Will St Kilda be forced to use their first pick on him to avoid the possibility of a club selecting him after them in the first round? The prospect of an 18-year-old kid to have the promise of his pathway potentially taken from him is devastating. Maybe he will choose to concentrate on the Olympics and walk away from AFL, thereby making a complete mockery of the original intent of creating the NGA: to lure young athletes from other sports to footy. He is arguably the top prospect from the NT in 2021 and with a story like his he could be the main headline for all the wrong reasons.

Austin Harris is another Suns FNQ Academy talent who would have qualified for NGA due to his Thai heritage through his mother, Ticha. His father, Errol Harris, played cricket up to Sheffield Shield level and Austin had to make a choice between AFL and cricket when his scholarship came up. Not just any scholarship, but the coveted Troy Clarke Scholarship, which is the preeminent award for Queensland teen talent, so named after the scout who talent identified Kurt Tippett.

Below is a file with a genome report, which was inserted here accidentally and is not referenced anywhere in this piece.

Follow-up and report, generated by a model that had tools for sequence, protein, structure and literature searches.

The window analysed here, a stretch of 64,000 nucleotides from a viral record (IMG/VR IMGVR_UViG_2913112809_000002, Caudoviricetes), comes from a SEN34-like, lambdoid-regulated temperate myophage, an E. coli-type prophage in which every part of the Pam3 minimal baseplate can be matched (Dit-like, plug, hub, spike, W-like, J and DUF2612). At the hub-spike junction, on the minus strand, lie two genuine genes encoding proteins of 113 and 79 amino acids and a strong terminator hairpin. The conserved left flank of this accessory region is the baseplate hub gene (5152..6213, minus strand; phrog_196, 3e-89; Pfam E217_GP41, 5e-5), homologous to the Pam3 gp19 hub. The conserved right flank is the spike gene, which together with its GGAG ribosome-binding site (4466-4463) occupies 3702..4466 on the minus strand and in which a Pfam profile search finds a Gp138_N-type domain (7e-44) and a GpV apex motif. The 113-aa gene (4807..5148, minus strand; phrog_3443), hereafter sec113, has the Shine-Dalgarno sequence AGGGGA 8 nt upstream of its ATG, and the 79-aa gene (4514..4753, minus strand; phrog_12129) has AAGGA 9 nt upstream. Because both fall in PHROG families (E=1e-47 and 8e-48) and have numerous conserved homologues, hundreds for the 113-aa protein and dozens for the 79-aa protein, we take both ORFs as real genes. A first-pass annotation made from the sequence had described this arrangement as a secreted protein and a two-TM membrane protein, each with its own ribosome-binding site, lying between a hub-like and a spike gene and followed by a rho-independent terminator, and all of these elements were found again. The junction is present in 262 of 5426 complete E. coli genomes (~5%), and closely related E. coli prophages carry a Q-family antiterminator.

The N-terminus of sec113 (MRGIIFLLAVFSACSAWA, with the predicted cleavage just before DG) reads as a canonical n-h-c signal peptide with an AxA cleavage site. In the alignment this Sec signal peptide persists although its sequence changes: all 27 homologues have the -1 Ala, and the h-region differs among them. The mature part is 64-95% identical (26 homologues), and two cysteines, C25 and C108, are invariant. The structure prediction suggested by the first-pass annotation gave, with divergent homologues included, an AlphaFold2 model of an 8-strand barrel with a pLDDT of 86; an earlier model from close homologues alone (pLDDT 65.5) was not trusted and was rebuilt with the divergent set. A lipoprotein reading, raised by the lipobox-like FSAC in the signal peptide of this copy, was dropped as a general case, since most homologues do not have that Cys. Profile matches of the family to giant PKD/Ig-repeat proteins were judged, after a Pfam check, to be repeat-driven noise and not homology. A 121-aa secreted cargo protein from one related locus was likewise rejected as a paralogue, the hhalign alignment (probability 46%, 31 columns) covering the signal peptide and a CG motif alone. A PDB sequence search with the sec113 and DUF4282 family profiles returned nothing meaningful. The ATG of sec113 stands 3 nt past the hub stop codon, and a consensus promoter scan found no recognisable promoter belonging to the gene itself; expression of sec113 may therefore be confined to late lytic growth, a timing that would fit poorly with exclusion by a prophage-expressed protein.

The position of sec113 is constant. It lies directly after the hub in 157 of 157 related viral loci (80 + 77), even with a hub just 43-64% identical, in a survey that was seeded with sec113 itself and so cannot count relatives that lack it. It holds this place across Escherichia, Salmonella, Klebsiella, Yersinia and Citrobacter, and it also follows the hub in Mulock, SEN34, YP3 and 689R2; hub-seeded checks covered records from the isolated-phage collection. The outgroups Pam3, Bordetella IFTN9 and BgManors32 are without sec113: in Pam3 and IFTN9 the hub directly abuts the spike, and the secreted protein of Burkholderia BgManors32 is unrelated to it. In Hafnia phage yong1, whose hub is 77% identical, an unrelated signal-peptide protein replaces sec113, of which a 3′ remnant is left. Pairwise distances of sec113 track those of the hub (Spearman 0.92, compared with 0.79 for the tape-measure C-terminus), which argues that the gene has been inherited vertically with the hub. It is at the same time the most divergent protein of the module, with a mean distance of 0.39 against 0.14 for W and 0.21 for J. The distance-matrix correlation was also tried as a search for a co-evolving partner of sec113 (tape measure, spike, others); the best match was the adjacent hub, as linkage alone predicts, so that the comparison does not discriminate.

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Aussie was just selected in the AFL Academy program, which makes up the top 21 prospects for the 2021 draft, after he won the MVP award at his U16s national championships. It seems like the Suns are going to have to match bids this year, but even if their star prospect is bid upon early they are in a position to easily match any bid.